If not for a fondness for border collies, Mindy Mayer probably wouldn’t be raising Kerry Hill sheep in Idaho’s Snake River Valley.
And if circumstances had been different on Aug. 16, 2007, there would be no Kerry Hill Winery. Instead, hers is an ongoing tale of triumph over horrifying tragedy. And now it includes the revitalizing of a 35-year-old vineyard and launching a brand with the help of winemaking talent Tim Harless.
“My way to keep moving and being positive has been to do new things, so I don’t think about all that I’ve lost,” Mayer said. “But that’s part of my story, too. I’d always thought about raising border collies and sheepherding, so after the accident, I thought, ‘I’m going to make my todays matter.’ ”
Last year, Hat Ranch Winery, owned by Harless, was named Idaho Winery of the Year. Thanks to his early success as Mayer’s winemaker, Kerry Hill is the 2020 Idaho Winery to Watch.
According to a recent Portland Business Journal article, Mayer owns 13 McDonald's restaurants, starting on Aug. 1, 1990, when she became one of the first women to own a McDonald's franchise in Oregon. She’s discovered that the wine industry has little in common with running a McDonald’s.
“Everything is by the rule book with McDonald’s, and they have a manual for everything, almost,” she said. “What I find really fun and challenging with wine is there is no rule book.”
She was 60 when the floatplane that her family chartered struck a tree, crashed and caught fire 27 miles north of Ketchikan, Alaska. The accident claimed the lives of five family members that spanned three generations — her husband, David, her "golden boy" son Eric, daughter-in-law Christine and twin grandchildren Allison and Trevor. Mayer’s injuries included a broken pelvis.
“They thought that I wasn’t going to live or walk again,” she said.
Mayer would slowly recover from her physical injuries and return to managing Green Tree Enterprises, but her outlook on life had changed. And as it turns out, one of the world’s leading trainers of sheepdog trialing is Patrick Shannahan, who lives in Caldwell, Idaho. He encouraged Mayer to invest in the Idaho wine industry.
“He’s become a very good friend of mine,” Mayer said. “I’ve taken him along on this journey, and we have a true love of wine.”
She learned Wood River Vineyard, a 35-year-old planting, was available. Mayer grew up near Sacramento, Calif., and her father farmed walnuts and almonds, but growing grapes has been a learning experience, particularly after the vineyard with prized varieties such Cabernet Sauvignon, Malbec, Carménère, Petit Verdot and Tempranillo had been neglected. The sale closed midway through a vintage, and Wood River’s 10 acres with 10 grape varieties hadn’t been irrigated or pruned for three years.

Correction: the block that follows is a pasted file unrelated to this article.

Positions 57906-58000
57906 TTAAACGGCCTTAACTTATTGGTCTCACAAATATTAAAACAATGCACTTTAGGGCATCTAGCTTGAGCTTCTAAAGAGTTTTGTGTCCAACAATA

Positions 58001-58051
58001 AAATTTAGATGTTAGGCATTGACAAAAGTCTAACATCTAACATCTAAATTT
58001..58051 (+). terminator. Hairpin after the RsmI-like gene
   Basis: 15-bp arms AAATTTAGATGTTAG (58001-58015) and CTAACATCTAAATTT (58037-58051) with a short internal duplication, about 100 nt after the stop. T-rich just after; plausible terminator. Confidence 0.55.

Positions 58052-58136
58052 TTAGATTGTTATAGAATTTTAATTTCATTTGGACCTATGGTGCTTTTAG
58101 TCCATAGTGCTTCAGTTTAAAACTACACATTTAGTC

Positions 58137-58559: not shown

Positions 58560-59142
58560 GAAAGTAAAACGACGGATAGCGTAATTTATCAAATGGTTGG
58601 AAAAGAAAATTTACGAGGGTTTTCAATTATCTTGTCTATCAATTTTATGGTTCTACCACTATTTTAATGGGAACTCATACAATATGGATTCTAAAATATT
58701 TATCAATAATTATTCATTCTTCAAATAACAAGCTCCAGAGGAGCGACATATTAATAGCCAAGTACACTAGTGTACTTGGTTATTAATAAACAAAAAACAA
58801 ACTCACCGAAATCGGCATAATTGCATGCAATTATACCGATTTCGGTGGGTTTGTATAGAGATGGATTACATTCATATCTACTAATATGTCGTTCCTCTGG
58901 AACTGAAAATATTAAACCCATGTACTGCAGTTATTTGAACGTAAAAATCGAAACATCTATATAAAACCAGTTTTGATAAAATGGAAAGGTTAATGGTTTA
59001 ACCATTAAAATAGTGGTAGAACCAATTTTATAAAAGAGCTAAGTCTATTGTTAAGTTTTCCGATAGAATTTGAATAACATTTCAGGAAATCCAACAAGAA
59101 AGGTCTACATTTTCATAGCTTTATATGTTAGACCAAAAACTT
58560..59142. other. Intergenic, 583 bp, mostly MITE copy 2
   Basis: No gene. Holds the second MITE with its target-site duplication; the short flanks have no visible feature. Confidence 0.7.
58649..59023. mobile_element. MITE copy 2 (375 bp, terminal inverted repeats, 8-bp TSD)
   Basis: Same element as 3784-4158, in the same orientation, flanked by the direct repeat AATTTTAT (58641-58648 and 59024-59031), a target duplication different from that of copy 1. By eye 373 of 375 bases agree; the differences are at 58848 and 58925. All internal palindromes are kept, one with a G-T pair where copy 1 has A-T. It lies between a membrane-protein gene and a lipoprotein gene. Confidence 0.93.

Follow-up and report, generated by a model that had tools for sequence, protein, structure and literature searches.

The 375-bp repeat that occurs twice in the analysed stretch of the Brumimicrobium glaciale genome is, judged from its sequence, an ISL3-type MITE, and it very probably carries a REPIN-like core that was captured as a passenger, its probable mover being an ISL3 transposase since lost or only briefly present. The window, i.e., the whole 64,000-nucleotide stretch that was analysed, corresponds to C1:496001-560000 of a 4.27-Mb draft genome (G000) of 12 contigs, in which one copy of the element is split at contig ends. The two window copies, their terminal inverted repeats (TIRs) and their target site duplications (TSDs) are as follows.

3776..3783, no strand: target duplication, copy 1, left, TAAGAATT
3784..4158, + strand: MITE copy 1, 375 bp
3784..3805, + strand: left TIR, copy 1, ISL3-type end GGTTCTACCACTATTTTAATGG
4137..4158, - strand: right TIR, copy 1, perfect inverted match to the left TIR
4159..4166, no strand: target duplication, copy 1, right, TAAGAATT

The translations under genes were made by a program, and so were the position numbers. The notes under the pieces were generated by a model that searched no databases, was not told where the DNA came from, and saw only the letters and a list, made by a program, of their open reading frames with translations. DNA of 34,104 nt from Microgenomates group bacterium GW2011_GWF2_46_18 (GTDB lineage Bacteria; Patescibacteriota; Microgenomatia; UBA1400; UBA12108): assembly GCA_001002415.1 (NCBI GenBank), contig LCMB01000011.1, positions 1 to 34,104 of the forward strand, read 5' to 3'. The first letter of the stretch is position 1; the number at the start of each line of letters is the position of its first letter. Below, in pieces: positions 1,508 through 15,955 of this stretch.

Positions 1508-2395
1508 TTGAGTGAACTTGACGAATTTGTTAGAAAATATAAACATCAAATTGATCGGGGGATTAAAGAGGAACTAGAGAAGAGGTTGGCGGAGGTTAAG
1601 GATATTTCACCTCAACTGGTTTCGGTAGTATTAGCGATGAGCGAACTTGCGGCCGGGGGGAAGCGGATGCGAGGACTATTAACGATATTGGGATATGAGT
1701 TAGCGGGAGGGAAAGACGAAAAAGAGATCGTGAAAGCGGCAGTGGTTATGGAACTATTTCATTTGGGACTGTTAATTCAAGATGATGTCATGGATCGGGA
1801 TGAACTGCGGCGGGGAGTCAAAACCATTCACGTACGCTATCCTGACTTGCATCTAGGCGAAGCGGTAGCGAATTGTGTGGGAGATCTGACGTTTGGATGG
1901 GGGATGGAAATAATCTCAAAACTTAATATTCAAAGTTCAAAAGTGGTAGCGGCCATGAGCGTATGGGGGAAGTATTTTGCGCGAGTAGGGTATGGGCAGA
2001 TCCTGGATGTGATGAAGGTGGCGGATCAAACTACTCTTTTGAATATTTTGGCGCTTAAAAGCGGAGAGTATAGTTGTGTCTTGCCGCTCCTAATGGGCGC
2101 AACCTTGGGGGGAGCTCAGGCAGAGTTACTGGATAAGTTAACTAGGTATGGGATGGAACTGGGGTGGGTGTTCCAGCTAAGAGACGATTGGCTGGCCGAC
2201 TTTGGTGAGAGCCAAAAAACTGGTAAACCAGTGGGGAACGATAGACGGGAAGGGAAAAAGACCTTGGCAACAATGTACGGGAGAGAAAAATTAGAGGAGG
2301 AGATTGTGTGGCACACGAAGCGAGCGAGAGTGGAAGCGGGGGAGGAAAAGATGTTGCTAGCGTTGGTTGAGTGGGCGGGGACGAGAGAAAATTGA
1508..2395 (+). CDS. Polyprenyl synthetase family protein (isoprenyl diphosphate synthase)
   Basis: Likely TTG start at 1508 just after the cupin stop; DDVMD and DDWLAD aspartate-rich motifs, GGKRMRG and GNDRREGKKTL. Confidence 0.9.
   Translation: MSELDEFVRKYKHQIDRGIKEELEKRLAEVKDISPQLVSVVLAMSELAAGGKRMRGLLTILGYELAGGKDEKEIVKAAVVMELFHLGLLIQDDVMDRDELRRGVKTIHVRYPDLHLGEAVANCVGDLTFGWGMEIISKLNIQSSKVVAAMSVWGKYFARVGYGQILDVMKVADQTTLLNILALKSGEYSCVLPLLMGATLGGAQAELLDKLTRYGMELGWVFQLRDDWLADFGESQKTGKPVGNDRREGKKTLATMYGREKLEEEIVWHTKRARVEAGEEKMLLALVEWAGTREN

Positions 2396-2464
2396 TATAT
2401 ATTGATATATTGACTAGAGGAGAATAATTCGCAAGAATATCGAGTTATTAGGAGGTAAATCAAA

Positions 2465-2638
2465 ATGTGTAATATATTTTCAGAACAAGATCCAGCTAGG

“Of course, nobody wanted to buy the grapes,” Mayer found out.
And then there was her first attempt at rebranding the vineyard in 2016.
“I named it Vigneto Albero Verde, and I thought that was very elegant because it is Green Tree Vineyard in Italian,” Mayer said. “Except that nobody could say it.”
Thanks to quick work by Harless, a retired commercial airline pilot, Kerry Hill already is producing some delicious wines as Mayer continues to rehabilitate the vineyard.
“Tim has been amazing to me,” Mayer said. “He's been the best part of all of this.”
Last summer, each of her first four Kerry Hill wines earned a medal at the 2019 Idaho Wine Competition, led by silvers for the 2018 Bobwhite Chardonnay and 2017 Domaine House Red Wine.
“That was cool,” Mayer said. “You’ve got to start somewhere, and I’m thrilled. I've had a lot of encouragement from people in the industry around here, and I’ve enjoyed the challenge. And my family, including my grandson, who wanted me to get into the hops, is really proud of me.”
Her young portfolio also included a small lot of Willamette Valley Pinot Noir produced by acclaimed Oregon winemaker Isabelle Dutartre, a connection made through a friend. And last summer, Harless shared some insight on managing the Kerry Hill vines.
“The vineyard’s in so much better shape than it was a year ago,” Harless said. “The flavors we’re getting are way, way better.”
Outside of her new tasting room and production area is an event center, sheepherding wagon, fire pit, demonstration vineyard and habitat area with native plants and flowers. Spread throughout her commercial vineyard are raptor and bat boxes as well as a “McHive” for bees.
“I wanted it to look just like a McDonald’s,” she said with a smile.
Mayer still maintains her home in Oregon City and manages the restaurants out of her office in Wilsonville with her daughter, Randi, and son-in-law.
However, she seems committed to her Idaho projects beyond the special breed of sheep that are featured on the Domaine House Red label. Her investments in the Snake River Valley also include a farm that’s four miles away from the winery and 10 acres of alfalfa. The plan is to spend at least a third of her time living near Kerry Hill Winery & Vineyard.
“My place is going to be a destination, even if it is in the middle of nowhere,” Mayer said. “I know that sounds kind of crazy, but that's kind of the way that I am.”
On Dec. 6, she staged the grand opening of the Kerry Hill tasting room. That night, she flew from Boise back to Portland to be in the stands and watch her grandson, Jackson, win an Oregon state high school championship in football. On Sunday, she was back at Kerry Hill to close out her first weekend of tasting room sales.
“I don’t feel that I’m too old to do this, and I take my dogs for a 5- to 6-mile walk every day,” Mayer said. “I lost five of the closest people in my life in one day. I want to make new memories and not look back.”
ERIC DEGERMAN is co-founder and CEO of Great Northwest Wine. Learn more about wine at GreatNorthwestWine.com.
Kerry Hill Vineyard & Winery
25264 Homedale Road
Wilder, ID 83676